Investing is a strange profession.
If someone had access to 508 skilled engineers to help them build a bridge, and 507 advised constructing it in a particular way while one argued in favour of using a different method, it would probably be ill-advised to ignore the accumulated expertise.
But investing is different, argues Tamryn Lamb, who is head of retail distribution at Allan Gray and responsible for Orbis client servicing in Africa. Orbis is Allan Gray’s offshore investment partner.
“If 507 people told me to buy electric vehicle manufacturer Tesla, I should probably be listening to the one person who told me not to. And why is that? It is because all that optimism and positive sentiment is most likely going to be reflected in the price.”
Put simply, there is a risk of overpaying.
Lamb says history is littered with examples of over-enthusiastic investors overpaying for assets. Notable examples include the Japanese housing and stock market bubble of the late 1980s, the tech bubble of 2000 and the 2008 global financial crisis.
The problem is that, at all those points in history, it would have been uncomfortable to go against the herd.
“But actually, being different was the lowest risk option – and certainly the option in which you would have protected your capital because you would have avoided making that big mistake of overpaying for assets.”
While there is a lot of excitement around Tesla and its South-African born CEO Elon Musk, Orbis believes Honda offers better value. The same goes for US sports apparel group Nike, which it prefers to its competitor Adidas.
Nike vs Adidas
Lamb says Nike has performed relatively poorly in recent years. Like many other retailers, it struggled to come to terms with online retail and started losing control over how its brand was perceived. It has also been in a weak competitive position relative to Adidas, whose new shoe and apparel ranges have been well-received.
“Adidas has been outperforming Nike from a fashion perspective.”
To counter the threat of online retail, Nike has been investing in its website – which is the right thing to do to take control of its brand and positioning – but this has negatively impacted profitability, she says.
The graph below shows the performance of Nike relative to Adidas and the broader US stock market since January 2016.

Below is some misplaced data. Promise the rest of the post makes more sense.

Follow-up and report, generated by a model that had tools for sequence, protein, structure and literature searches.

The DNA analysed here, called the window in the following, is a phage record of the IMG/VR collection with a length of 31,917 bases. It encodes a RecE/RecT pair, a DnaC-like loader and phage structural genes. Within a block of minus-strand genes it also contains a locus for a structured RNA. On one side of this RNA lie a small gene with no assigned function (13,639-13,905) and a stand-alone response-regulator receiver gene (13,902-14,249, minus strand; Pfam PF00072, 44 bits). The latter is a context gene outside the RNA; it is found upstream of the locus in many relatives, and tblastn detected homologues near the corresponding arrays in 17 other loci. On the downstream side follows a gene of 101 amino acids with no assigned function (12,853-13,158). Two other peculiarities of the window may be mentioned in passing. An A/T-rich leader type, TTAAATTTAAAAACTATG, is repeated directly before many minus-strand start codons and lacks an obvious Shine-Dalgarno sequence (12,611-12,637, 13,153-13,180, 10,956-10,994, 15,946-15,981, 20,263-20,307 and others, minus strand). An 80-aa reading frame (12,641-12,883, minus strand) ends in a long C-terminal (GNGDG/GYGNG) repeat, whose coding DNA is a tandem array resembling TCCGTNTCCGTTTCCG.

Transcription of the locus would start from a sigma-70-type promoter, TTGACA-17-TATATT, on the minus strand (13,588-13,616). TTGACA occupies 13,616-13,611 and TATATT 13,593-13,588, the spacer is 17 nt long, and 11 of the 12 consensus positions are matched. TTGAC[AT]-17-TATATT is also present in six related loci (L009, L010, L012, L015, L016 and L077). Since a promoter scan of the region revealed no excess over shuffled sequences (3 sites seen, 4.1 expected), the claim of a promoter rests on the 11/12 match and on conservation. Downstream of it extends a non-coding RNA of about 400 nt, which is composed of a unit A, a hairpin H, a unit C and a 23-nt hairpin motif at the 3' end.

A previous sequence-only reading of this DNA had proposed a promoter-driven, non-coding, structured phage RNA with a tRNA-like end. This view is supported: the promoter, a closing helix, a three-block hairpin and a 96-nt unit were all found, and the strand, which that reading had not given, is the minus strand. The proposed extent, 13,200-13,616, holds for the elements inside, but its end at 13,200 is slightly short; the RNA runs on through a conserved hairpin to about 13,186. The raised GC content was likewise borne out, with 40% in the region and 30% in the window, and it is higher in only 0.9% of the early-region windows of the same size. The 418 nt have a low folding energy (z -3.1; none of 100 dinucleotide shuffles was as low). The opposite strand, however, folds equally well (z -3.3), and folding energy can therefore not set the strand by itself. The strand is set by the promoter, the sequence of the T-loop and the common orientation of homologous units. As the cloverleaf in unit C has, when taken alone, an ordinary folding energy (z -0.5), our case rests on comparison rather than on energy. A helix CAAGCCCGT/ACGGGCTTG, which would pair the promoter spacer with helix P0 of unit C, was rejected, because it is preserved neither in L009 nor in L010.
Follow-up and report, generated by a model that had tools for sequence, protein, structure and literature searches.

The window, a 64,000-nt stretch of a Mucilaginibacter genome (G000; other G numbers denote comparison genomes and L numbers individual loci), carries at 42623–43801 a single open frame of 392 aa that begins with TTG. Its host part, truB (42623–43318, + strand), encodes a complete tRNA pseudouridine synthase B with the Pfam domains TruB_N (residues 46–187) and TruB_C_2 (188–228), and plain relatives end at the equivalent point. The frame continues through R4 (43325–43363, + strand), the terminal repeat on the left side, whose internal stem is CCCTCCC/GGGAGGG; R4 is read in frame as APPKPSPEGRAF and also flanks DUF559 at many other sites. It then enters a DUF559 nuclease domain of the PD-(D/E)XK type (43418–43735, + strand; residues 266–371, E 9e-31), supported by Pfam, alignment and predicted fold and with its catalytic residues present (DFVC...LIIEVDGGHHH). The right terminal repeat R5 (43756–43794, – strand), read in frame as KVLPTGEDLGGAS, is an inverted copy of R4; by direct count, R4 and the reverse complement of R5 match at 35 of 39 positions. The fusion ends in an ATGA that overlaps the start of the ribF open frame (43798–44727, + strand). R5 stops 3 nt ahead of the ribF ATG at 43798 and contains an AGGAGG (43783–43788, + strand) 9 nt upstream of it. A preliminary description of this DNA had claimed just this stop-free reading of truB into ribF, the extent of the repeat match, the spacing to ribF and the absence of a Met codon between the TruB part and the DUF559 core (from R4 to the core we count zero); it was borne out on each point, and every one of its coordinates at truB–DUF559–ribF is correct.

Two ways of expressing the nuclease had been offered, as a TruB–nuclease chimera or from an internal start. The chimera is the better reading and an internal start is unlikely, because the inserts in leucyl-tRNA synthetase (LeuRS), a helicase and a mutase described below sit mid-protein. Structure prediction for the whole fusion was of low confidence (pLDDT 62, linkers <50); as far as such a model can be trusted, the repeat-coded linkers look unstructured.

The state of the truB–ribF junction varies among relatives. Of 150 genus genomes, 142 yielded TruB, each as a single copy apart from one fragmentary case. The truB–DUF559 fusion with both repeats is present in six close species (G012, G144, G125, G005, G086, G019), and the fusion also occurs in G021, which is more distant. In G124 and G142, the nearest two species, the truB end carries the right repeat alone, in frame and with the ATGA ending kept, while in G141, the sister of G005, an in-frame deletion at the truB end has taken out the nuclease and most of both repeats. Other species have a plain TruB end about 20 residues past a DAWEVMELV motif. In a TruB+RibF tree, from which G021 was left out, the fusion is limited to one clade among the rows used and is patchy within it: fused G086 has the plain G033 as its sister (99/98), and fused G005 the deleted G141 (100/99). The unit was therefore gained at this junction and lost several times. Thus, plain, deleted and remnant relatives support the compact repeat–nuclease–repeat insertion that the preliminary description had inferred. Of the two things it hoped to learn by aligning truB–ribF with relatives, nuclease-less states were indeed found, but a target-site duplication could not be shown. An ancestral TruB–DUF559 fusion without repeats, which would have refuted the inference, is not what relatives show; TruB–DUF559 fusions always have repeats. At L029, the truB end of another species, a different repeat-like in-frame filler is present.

Source: Capital IQ, Bloomberg, Datastream, Orbis analysis. *The Orbis Global Equity Fund established a position in Nike at this date.
A $100 investment in Adidas would have outperformed the same investment in Nike by almost 2.5 times over the period.
So why does Orbis believe Nike is a good investment?
Lamb says all the reasons Nike has been underperforming form part of its “bull thesis” for the stock.
Nike is transforming from being a wholesaler to having more direct consumer relationships, which would increase its interaction with end consumers. This would enable it to improve product personalisation and profitability.
Although Adidas is dominating, Nike’s product cycle is turning around, she adds.
“It has a long history of executing in this space. We don’t think the model is broken.”
Honda vs Tesla
Tesla is a great example of how a lot of exuberance and positive sentiment can cause a tailwind in the stock price, Lamb says.
The chart below depicts Honda’s revenue over the last 40 years (the light blue bars) while the red blocks to the bottom right show Tesla’s revenue over the past decade. Honda and Tesla’s market capitalisation are represented by the dark blue and red lines respectively.
Source: Company results, Datastream, Orbis
“People are so positive about Tesla that they think it is worth about the same as the whole of Honda, despite the fact that Tesla only generates one tenth of Honda’s revenues.
“Over the past 40 years, Honda has never made an operating loss. Over the past 10 years, Tesla has never made an operating profit.”
But just because Tesla is expensive doesn’t necessarily mean that Honda is a good investment. Why did Orbis invest?
“We believed that the business was trading on too depressed a valuation, given the underlying fundamentals.
“Profitability has been recovering as recall-related expenses due to faulty airbags supplied by a third party have reduced,” Lamb explains, adding that the share has historically traded at around 1.8 times its tangible book value on average compared to the current 1 time, which makes it relatively cheap.
Honda also has a very dominant motorcycle business, with a market share of about 40%.
Orbis will be one of four international fund managers presenting at the Allan Gray Investment Summit, taking place on July 17 at the Cape Town International Convention Centre and July 18 at the Sandton Convention Centre. To book tickets visit https://www.investmentsummit.co.za/.
Brought to you by Allan Gray.